Is the Decline of Base Production Accelerating?
This analysis looks at how existing oil fields are apparently declining, and finds a trend suggesting those declines are worsening, though the reasons for this are not clear yet.
Note: In the course of preparing this piece, there was a lot of back-and-forth on the Oil Drum editors-and-contributors list, and Khebab and I realized we were working on related analyses with broadly similar conclusions, and agreed to publish them on the same day. I encourage you to read his piece also.
I began this post because JD of Peak Oil Debunked has recently reemerged from voluntary retirement (possibly as a result of near $100 oil) and was tweaking me about an old piece of mine from two years ago. That analysis looked at several pieces of evidence for a "decline rate" at 8% (probably not all the same kind of decline rate) and pointed out the scenario of adding known new capacity to an 8% decline rate in existing production would be a bad thing. JD notes that production since then hasn't declined as fast as that scenario suggested. I think he's making the piece out to have taken a much more certain position than it really took (it was a scenario, not a forecast, and I plotted several others). Nonetheless, the tone of the piece now reads to me as too gleefully "Isn't this scary?" That is a fault I resolve to try and avoid in future.
I pretty much decided that whole style of bottom-up megaproject analysis was not very useful around that time after this look at Saudi megaprojects and production. But, we know far more than we did in November 2005 and it seems to me that there are now interesting insights to be had from looking at the megaprojects and the various decline rates they imply.
In particular, one of the biggest things we know now that we didn't know then is that global oil production has been close to flat during that time, as prices have continued to go up and up. The latest publicly available data looks like this:
As you can see the EIA, once you smooth out the month to month noise, shows global liquid fuel production as essentially flat since mid 2005. The IEA shows production continuing to increase to late 2006, but being flat for the last year. Since the world economy has been mostly healthy during that time, the price of oil has skyrocketed. It's less than six years ago that oil was still below $20, but it's now over $90. Obviously, we'd very much like to know what the future holds.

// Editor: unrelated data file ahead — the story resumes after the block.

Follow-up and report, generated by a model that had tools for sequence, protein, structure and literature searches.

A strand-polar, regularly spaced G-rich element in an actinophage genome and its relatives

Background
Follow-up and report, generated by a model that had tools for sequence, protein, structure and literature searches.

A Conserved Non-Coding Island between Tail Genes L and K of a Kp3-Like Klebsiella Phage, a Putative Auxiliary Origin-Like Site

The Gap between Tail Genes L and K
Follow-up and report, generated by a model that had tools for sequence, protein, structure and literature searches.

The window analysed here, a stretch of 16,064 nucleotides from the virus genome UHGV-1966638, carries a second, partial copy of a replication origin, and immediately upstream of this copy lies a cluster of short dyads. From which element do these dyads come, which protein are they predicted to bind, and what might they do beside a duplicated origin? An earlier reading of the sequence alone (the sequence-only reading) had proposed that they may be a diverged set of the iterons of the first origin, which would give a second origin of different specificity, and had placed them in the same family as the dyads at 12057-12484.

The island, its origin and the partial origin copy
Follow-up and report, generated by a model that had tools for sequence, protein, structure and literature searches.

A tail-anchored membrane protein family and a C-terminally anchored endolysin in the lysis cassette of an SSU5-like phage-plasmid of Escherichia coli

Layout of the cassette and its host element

One of the central factors in the future of oil production is the ability of the oil industry to bring on new capacity. Economists generally believe that industry will respond to a period of high prices by bringing more supply to market, albeit with some lag since oil industry projects are large complex undertakings that take a number of years from inception to actual oil flowing into tankers. A number of people attempt to enumerate such projects, and the best known of the enumerations that's actually publicly available is a series by Chris Skrebowski, a long time oil market analyst and editor of Petroleum Review.
The reports each consist of a list of the projects with name, the year of first oil production, and the peak flow of liquid fuel expected from that project. The reports in some cases have a tabulation of the new capacity, and conclude with some commentary on the implications for future oil supply. What's very interesting is that we now have four versions of Skrebowski's megaproject report, which gives us a much better ability to analyze trends. The four I can find publicly available on the Internet are these:
After the date of the report, I've noted the cutoff of minimum size of project included in the list. This has changed over time, which is one source of methodological difference between the reports. I'll explore it further in a moment. But I think the best way to get a quick feeling for the trends is the following graph (based on an idea from Euan Mearns). It shows the total amount of peak capacity anticipated to start production in each year, and does so for all four reports. I have stopped the graph at 2010, as the timeframe of interest in today's analysis does not go past that.
I think two points emerge clearly from this graph. Firstly, megaproject analysis at present gets increasingly inaccurate after a year or two. If you look at the years 2007-2009, the various reports are in fairly significant disagreement about how much oil is going to come on stream in that year. On the other hand, if you look at 2005 and 2006, the 2005, 2006, and 2007 reports are in fair agreement. So there seems to be a process in which the lists are fairly inaccurate several years out, but converge to a stable answer as we get to reporting on this year or next. In the early years, 2003 to 2005, when oil prices were lower, project totals tended to drop from the first estimate. In recent and future years, project totals tend to grow with each passing report. It may be in part that transparency in the industry is improving.
However, it also seems likely that high prices are causing additional capacity to materialize. The other notable trend in the graph above is that it's rising strongly - starting out at just over 1mbd of new megaprojects coming on stream in 2003, we rise to over 5mbd of new projects currently anticipated in 2009. The overall trend is that new capacity per year is itself increasing at a little less than 1mbd each year. It's hard to believe that this isn't a response to the high prices of the last few years.